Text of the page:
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The Middle East and North Africa: A New Social Contract for Development

2011-04-06, Zoellick, Robert B.

Robert B. Zoellick, President of the World Bank Group, discussed the political firestorm that engulfed Tunisia and the wider Middle East and its lessons for a new social contract for development that goes beyond the region itself. He argued for modernizing multilateralism in the Arab World, reforming international institutions to reflect power shifts in the world. Development economics must be democratized. Investment in the Arab World needs to be more diversified, while the governments increase accountability and reduce corruption and conflict. The new Arab voices are calling for dignity and respect and a series of changes amounting to a new social contract. While the World Bank once steered away from political topics, today our shareholders know that corruption is a drag on economies, strangling opportunity and taxing the poor. Now, anticorruption, gender, and transparency are vital to the practices of the World Bank Group. The upcoming new World Development Report stresses the role of legitimate institutions and governance. Citizen participation matters. Zoellick discussed job creation and safety nets as keys to maintaining development momentum in the region.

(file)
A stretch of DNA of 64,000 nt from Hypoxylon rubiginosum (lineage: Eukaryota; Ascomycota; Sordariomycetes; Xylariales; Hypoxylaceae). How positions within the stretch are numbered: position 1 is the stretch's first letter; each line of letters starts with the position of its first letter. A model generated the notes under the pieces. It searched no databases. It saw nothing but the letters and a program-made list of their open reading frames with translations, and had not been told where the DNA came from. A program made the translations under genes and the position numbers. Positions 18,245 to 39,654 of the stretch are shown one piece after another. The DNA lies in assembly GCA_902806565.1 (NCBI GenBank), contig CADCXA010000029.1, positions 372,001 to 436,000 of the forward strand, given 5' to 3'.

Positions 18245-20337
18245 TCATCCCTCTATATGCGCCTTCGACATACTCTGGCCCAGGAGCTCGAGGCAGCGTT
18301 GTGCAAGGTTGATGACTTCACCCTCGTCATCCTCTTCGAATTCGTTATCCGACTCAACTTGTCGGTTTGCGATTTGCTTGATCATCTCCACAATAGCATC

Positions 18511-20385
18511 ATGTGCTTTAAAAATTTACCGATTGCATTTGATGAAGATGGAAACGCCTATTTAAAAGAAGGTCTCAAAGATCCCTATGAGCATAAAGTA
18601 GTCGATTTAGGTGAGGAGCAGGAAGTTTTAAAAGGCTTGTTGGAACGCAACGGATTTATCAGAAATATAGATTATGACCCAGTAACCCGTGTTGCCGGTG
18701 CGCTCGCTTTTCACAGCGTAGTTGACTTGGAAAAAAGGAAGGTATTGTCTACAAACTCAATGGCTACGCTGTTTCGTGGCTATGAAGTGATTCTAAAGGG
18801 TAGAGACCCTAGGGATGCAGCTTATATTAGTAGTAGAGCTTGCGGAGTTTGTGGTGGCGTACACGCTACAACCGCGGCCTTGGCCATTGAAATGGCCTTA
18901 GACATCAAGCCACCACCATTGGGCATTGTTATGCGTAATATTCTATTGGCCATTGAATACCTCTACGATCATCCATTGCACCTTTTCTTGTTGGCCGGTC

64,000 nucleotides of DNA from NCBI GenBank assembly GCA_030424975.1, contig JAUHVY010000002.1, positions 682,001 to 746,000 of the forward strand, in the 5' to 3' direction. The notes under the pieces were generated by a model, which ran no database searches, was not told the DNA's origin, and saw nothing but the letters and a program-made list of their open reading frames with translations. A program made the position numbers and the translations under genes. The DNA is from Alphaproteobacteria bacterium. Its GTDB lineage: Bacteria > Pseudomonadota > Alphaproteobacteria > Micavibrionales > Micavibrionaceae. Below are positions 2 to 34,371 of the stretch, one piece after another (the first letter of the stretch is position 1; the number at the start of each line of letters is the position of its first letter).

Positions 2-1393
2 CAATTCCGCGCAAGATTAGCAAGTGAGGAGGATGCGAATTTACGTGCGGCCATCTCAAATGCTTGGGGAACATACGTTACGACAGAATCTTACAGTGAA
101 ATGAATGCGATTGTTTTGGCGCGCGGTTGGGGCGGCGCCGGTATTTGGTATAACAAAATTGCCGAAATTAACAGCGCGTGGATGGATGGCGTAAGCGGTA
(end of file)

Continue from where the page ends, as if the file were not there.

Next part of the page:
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Coalitions for Change

1999-09-28, Wolfensohn, James D.

World Bank Group President, James Wolfensohn addressed the Board of Governors. In the past year the Bank launched a new initiative—the Comprehensive Development Framework (CDF). The aim was to bring the social and the structural aspects of development together with the macroeconomic and the financial so as to establish a much more balanced and effective approach. The Bank will work with the broad development community—the United Nations, the European Union, bilaterals, regional development banks, civil society, and the private sector—to build genuine partnerships. The CDF is now being piloted in 13 countries. The general experience reviewed that strengthening the organization, human capacity, and the structure of the state, both at central and local levels, is the first priority to reduce poverty. The speaker also called for a coalition for change in the new international development architecture in the face of globalization.